State College coach Troy Allen smiled and shrugged as he explained he expects his ace dominate in every outing.
Even after watching Little Lions pitcher Mason Mellott’s best start of the season — after watching the right-hander pile up 12 strikeouts in 5 2/3 scoreless innings to earn the win — Allen wasn’t blown away or surprised. Mellott met his coach’s expectations in leading No. 1-seed State College to a 9-4 win over No. 2-seed Altoona in the District 6 Class 6A championship game Friday at Peoples Natural Gas Field.
Mellott, a senior who is headed to Penn State, allowed two hits and two walks before leaving the game in the sixth inning with his team ahead 9-0.
“It’s a hard thing to put into words because I’m proud of him,” Allen said. “I put so much pressure on him, and he never fails.”
The Little Lions reclaimed the district title after falling in the semifinals a year ago, and Mellott called Friday’s victory a team effort before discussing his sparkling effort on the mound. State College drew 10 walks, including three with the bases loaded, to kick-start its offensive performance. The Little Lions scored five runs with two outs in the third inning and added four runs with two outs in the fifth on their way to their fourth district title in five years and first under the second-year coach Allen.
State College will take on McDowell in a PIAA subregional game at 4 p.m. Wednesday at Bald Eagle Area.
“We’ve been playing for this game and beyond,” said Christian Friberg, who recorded a two-run single in the third inning. “And we took care of business today.”
Mellott came into this season throwing harder with better control, leaving teammates walking away from his bullpen sessions laughing during preseason workouts. In appearances during the regular season, Mellott owned a 2.36 ERA, and he struck out a season-high nine batters in a 1-0 win over Cedar Cliff in April. But he was never better than Friday, overpowering Altoona with his fastball and slider.
Allen knew he simply needed to slow Mellott to help him maintain his control. The right-hander usually loosens up 30 minutes before a start, but he started his routine in the bullpen with Allen 45 minutes ahead of the game. The coach made his ace take several breaks and constantly reminded him to slow down. During the game, Allen didn’t give catcher Tyson Cooper signs as quickly to control Mellott’s pace on the mound.
The right-hander hit his spots all day and dominated after allowing a leadoff single in the first inning. He recorded three strikeouts in the third inning, two more in the fourth and struck out the side in the fifth.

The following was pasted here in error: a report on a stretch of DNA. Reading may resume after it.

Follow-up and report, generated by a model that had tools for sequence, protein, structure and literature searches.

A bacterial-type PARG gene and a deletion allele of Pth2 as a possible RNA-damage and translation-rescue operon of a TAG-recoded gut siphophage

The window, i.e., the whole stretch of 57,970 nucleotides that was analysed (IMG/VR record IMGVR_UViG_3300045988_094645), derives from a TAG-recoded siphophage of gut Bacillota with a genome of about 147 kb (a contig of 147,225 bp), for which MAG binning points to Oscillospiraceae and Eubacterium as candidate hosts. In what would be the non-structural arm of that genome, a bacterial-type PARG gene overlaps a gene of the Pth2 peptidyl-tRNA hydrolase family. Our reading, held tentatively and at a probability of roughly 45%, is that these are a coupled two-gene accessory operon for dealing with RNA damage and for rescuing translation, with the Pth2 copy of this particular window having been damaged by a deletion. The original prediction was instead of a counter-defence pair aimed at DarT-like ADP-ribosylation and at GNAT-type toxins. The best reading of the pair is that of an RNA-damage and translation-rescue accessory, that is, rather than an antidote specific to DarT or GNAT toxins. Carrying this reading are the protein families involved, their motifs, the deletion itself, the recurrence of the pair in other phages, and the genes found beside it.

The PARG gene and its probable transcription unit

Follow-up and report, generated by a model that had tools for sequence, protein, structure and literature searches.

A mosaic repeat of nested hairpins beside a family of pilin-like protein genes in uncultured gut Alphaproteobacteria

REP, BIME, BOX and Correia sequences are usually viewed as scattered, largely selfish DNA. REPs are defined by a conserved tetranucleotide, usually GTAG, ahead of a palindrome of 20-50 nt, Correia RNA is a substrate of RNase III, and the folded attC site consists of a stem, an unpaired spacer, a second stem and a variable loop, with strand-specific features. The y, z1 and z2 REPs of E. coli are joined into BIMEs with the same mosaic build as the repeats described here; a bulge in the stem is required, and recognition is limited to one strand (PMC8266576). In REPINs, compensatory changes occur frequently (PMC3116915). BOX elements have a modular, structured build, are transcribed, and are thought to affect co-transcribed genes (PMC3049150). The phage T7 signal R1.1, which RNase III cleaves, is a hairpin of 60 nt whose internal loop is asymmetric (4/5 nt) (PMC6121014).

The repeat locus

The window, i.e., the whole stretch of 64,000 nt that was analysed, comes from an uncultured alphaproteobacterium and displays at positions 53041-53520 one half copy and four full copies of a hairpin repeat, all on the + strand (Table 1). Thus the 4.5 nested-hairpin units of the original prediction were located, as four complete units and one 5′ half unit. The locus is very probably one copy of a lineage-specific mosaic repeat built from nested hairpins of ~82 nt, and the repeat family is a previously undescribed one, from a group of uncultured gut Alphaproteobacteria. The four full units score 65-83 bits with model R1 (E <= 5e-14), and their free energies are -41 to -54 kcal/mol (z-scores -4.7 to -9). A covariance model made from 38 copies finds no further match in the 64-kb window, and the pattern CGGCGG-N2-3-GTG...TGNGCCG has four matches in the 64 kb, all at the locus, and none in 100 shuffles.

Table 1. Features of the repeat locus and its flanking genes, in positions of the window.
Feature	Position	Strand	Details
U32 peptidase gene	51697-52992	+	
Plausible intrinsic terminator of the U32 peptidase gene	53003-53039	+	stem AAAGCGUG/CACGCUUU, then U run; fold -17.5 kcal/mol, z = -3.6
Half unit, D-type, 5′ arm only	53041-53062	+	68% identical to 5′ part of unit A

Mellott finished his outing with two strikeouts in the top of the sixth, firing a high fastball by Altoona’s No. 3 hitter Elliot Mast and painting the outside corner with an 87 mph fastball to get cleanup hitter John Gority looking.
“I knew I was better than them today just ’cause I had my stuff,” Mellott said.
His fastball consistently hit the mid-to-high 80s on the stadium’s radar gun to go with his nasty slider. Mellott felt he could go to the slider at any time and estimated Altoona hitters might have made solid contact on the pitch on just two foul balls.
That pitch caught State College shortstop Gavin Schaefer-Hood’s attention during the offseason.
“He made it look a lot like his fastball,” Schaefer-Hood said. “The deception on that pitch is fantastic.”
While Mellott cruised on the mound, his Altoona counterparts struggled. With two outs in the third inning, Altoona starting pitcher Jake Stolarski walked two hitters to load the bases before walking Schaefer-Hood to allow the game’s first run to score. Kevin Karstetter added a one-run single, and Friberg capped the five-run inning with a two-run single.
The Little Lions scored four runs in the fifth to send Mellott back to the mound with a 9-0 lead.
After starting the inning with two strikeouts, Allen walked to the mound to take the ball from his right-hander and patted him on the back as he headed to the dugout. In the seventh inning, Mellott led the charge to the celebratory dogpile, waiting outside the dugout with a group of players with two outs before sprinting to the mound to join the rest of the District 6 champion Little Lions.
“I’m happy for the boys more than anything else,” Allen said. “They wanted something special for themselves this year, and so for me, that is what I’m most happy about.”